WATERFORD AGRICULTURE

From A Topographical Dictionary of Ireland, 1837

In an agricultural point of view the county may be divided into three classes, two-thirds being under tillage, and the remaining third equally divided between meadow and pasture, and unimproved mountain and bog. Wheat, barley, bere, oats, and potatoes are the general crops, except in the mountain land, where they are confined to the two last-named. Clover is becoming very general, turnips and vetches are seldom sown, and flax or hemp only in the headlands or corners of the field. The manures are chiefly lime, which abounds in the western parts, and sea-weed and sand procured in the utmost abundance at Dungarvan and Youghal.

The fences, except in the neighbourhood of gentlemen's seats, are high banks of earth, with furze occasionally planted on the top. The most improved implements and carriages are now in general use; and the best breeds of every kind of cattle, which have been proved to be suited to the soil, are encouraged.

Sheep are less common than other species of stock. Pigs are to be met with everywhere, and, though the old Irish breed may be seen in a few places, those in general demand are of the best description: goats are also numerous in the county.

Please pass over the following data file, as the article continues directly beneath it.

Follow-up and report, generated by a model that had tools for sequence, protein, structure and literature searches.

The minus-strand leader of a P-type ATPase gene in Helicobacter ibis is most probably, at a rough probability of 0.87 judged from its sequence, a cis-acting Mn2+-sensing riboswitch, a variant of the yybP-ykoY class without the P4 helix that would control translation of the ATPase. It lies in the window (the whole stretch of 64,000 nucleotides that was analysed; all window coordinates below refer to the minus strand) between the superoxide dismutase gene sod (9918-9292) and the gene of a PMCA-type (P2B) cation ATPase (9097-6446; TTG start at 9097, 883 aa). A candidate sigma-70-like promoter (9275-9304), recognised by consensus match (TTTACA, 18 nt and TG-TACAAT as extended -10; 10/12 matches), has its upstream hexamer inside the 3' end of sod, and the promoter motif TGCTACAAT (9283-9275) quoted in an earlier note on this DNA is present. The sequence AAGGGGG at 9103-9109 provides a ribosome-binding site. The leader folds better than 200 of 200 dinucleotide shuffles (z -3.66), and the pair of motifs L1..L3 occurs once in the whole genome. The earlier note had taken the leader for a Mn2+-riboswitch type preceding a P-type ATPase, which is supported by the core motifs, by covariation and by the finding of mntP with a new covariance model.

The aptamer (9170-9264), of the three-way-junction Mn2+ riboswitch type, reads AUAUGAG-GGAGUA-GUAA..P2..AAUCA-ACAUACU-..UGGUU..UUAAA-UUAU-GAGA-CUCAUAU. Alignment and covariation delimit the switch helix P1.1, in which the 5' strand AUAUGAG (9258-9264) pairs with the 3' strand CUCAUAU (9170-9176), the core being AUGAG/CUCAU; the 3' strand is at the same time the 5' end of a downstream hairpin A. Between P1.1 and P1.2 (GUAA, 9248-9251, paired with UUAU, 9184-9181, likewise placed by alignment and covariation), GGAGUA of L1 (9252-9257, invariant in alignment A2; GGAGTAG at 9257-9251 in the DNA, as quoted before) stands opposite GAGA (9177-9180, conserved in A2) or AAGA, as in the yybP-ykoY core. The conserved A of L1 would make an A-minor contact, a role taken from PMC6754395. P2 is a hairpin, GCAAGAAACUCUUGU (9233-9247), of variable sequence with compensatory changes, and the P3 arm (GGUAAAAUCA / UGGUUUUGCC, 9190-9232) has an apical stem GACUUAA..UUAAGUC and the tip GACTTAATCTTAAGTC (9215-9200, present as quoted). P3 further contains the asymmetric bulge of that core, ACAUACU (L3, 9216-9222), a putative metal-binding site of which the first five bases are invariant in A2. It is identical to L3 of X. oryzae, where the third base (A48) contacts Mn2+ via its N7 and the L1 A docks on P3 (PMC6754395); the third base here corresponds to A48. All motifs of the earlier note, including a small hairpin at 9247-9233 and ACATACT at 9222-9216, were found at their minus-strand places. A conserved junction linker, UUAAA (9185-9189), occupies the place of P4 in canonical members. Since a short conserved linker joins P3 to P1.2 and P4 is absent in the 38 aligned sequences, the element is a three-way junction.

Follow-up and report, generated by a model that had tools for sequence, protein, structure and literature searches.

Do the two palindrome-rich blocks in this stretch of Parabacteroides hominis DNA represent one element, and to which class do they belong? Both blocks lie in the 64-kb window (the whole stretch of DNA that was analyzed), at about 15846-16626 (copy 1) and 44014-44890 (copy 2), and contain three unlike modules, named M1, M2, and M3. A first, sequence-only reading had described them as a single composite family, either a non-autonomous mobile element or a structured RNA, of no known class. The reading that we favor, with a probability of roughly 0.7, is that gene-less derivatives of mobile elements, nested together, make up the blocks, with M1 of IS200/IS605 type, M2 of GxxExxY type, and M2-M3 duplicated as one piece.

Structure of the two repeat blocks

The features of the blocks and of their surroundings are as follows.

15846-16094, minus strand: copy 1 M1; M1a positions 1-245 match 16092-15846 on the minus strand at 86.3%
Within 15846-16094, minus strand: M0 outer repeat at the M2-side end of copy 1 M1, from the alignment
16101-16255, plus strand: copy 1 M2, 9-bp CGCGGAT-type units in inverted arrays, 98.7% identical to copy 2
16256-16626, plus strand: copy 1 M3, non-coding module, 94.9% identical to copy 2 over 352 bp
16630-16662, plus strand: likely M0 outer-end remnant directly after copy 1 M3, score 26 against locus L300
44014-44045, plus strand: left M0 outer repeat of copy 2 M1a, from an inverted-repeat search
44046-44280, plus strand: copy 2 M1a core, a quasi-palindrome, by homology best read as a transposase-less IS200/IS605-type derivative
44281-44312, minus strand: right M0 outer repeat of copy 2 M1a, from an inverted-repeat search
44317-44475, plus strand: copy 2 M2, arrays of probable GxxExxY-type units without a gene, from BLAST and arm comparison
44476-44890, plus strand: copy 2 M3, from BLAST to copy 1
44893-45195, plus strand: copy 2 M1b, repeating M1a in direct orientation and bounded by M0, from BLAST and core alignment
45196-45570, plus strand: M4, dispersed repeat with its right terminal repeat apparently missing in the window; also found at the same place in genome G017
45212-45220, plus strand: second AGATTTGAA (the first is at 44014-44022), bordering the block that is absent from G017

There is a great deficiency of timber: the ornamental woods and plantations of Curraghmore, Lismore, Dromana and Tourin, those on the banks of the Blackwater and on that part of the Suir between Carrick and Ardfinnan, being all that the county can boast of, except a few young plantations about the houses of some of the resident gentlemen.

The average size of tillage farms is from 30 to 40, and of dairy farms from 50 to 70 acres; butter is the only produce of the dairy, the making of cheese not being at all practised. The example of the successful cultivation of poor land in a mountain district set by the Trappists at Mount Mellory (described in the article on Cappoquin), and the opening of roads through the hilly parts of the country, are exciting a strong spirit of exertion in the neighbourhood, to attempt improvements in the treatment of the lands, heretofore deemed impracticable, the effects of which have already begun to shew themselves in the large tracts of land that have been enclosed and brought into cultivation since the settlement was made.

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